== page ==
RaGa aka the classical singing duo- Ranjani and Gayatri, never ones to let fans down, treated the city’s music lovers with yet another excellent concert in their inimitable, trendy-traditional style.
The concert – Milan Raga, was organised by Poona Sangeet Sabha and Creaticity, with the latter playing host at its impressive open-air amphitheatre. An avoidable delay of an hour from the organisers had almost played spoilsport but the sight of the sisters walking in, in their trademark contrast matched sarees, grabbed attention.
Ranjani with her deep-throated low notes and Gayatri with her dynamic, sharp notes, drew applause, tears, ‘shabash’, ‘kya baat’ repeatedly and 3 hours passed drowned in Bhakti Rasa.
The duo’s vast repertoire and intense taalim is reputed and their choice of krithis and Ragas is always thoughtful and designed differently for every concert. That and the humility with which they approach a krithi, giving the composition and the composer due respect by maintaining the original padhati of the same while also adding their own flair, simply accentuates rasanubhava.
Muthuswami Dikshitar, Papanasan Sivan, Purandaradasa, Thyagaraja, Subrahmanya Sastri, Arunachal Kavirayar, Sant Dnyaneshwar, Sant Tukaram – a galaxy of saints, poets and composers were represented beautifully for over 3 hours.
Beginning with a crisp rendition of Raga Kalyani Varnam, Vanajakshi in Aditala and followed up with Sivan’s KarpagaManohara in Malayamarutham the sisters took the audience to bliss with Dikshitar’s Annapurne Visalakshi Akhila Bhuvana Saakshi in Sama Raga.
In the next krithi, Thyagaraja’s Raju Vedale Jutamu in Raga Todi and Rupakam Tala, the audience was wowed with the bhava of the krithi praising Lord of Sri rangam. The neraval and swarams at the Kaveri theeramunu was so evocative that my friend who hails from Mysore exclaimed,” This is how my Kaveri flows”.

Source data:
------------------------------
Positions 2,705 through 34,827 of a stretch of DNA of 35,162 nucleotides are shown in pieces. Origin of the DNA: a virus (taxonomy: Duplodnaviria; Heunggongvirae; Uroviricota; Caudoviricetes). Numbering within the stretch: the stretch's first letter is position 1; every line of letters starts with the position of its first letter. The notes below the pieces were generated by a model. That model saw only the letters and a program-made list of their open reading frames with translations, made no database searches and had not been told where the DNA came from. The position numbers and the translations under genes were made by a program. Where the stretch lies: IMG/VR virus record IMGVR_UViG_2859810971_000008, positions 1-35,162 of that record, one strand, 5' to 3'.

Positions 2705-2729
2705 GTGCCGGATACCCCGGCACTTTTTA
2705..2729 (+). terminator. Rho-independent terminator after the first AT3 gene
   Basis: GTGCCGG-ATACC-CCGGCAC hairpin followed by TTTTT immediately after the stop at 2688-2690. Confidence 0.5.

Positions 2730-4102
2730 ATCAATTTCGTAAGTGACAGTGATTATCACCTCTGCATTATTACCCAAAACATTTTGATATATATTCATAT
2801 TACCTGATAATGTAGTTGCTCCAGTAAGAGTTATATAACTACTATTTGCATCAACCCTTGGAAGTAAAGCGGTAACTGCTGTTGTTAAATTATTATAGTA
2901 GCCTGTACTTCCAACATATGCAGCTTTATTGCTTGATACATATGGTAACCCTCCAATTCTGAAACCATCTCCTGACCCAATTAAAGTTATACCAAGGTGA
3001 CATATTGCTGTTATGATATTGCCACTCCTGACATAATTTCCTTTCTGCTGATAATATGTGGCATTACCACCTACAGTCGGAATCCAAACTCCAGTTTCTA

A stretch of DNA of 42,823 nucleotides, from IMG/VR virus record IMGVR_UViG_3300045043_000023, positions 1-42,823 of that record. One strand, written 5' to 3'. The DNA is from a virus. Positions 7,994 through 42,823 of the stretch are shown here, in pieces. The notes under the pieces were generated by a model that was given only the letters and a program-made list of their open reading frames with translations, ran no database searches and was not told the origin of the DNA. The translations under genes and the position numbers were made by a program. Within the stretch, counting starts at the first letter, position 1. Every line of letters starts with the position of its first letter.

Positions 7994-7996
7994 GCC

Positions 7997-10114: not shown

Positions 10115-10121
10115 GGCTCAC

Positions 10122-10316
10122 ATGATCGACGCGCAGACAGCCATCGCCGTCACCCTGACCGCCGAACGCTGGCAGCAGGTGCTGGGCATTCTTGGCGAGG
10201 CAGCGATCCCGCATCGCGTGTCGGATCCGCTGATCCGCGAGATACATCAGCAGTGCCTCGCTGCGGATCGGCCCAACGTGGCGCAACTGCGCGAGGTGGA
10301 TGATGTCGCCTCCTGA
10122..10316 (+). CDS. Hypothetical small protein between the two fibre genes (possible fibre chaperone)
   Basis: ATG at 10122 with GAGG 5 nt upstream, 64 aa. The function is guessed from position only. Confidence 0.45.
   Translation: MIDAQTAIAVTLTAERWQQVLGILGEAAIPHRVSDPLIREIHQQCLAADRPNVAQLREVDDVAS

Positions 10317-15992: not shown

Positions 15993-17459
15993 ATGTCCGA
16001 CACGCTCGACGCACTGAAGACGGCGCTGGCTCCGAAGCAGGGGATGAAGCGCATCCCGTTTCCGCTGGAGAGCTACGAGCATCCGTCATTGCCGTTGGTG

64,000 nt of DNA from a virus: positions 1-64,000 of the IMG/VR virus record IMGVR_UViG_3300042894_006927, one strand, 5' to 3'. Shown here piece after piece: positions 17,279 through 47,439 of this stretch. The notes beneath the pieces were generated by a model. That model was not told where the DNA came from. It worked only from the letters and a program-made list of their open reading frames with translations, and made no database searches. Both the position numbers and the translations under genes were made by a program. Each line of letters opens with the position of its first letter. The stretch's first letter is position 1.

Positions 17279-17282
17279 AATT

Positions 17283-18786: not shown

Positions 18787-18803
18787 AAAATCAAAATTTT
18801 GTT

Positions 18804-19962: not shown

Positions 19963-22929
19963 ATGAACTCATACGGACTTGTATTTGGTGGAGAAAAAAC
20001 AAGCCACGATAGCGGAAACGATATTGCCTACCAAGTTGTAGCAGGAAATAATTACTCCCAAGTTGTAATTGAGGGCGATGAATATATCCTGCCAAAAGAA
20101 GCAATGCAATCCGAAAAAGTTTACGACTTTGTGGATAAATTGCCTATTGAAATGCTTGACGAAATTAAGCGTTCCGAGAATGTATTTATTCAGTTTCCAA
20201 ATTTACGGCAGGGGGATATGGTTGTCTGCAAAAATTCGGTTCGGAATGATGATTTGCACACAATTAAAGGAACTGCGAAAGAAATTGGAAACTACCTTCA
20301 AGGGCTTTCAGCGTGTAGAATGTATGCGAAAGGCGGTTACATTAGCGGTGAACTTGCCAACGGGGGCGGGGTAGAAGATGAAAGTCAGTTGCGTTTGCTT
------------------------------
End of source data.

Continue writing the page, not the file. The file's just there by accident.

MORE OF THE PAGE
Next up Eppadi Manam from Arunachala Kavirayar’s Ramanataka Keerthanaigal in Raga Huseni and Misra Chapu Tala depicted Sita’s entreaty to Rama upon his announcing that he will proceed to the forest all by himself. Sita’s “How can this Earth accept that you are leaving for the forest without me” brought the audience to tears.
Thyagaraja’s Chenjukambojhi number Vararagalaya, with its quick tempo broke the reverie of Eppadi Manam and was like an announcement for the piece-de-resistance that was to follow, the Ragam Tanam Pallavi or RTP, the most crucial part of a Carnatic music concert.
RTP is a form of singing in Carnatic music which is one of the most complete aspects of Indian classical music, demonstrating the entire gamut of talent and the depth of knowledge of the musician. Ranjani and Gayatri are renowned for their pakkad of RTP.
They nailed it with a Chatur-Ragam (4 Ragas blending) Kalpanaswaras explored with Raga Behag as its main Raga using Purandaradasa’s Hari Smarane Maado Nirantara, for Pallavi. The two sisters’ prowess over the Violin makes this very difficult and dynamic piece look easy.
A mention of violinist L Ramakrishnan’s rendition in the RTP, is a must as his explorations matched the duo’s expert handling of the complex mathematics and the intricate melodies of the RTP. Ragamalika swara-prastharams had AnandhaBhairavi, Jog+Brindavani combination and Revathi.
At this juncture, the Puneri in me was eagerly awaiting the Abhangas, another trump card of the RaGa sisters. However, the Virutham (Nadia porul kaikoodum by Kambar) filled the air and was followed by Sivan’s Ramanai bhajithal. And then the Abhanga was announced.
“Rupa Pahata Lochani” started in Maru Behag and although the rendition was perfect, the Bhimsen-fed Punekar in me was biased to lean more towards Bhimsen’s renditions. One would have expected some more abhangas but the singers decided to take up audience request. Mahakavi’s Chinnam chiru kiliye, beautiful as it was, could have been avoided.
Before you knew time was up and there was only time for one last request number which unanimously was “Pandhatriche Bhoot Mothe”. And, before you knew it, the concert was over with the refrains of Vithal, Vithal on one’s lips.
Three hours of musical bliss, genius rendering by the Vidushi pair and extreme Rasa. If anything, some more abhangas would have been welcome. But then, “Yeh Dil always maange more”.
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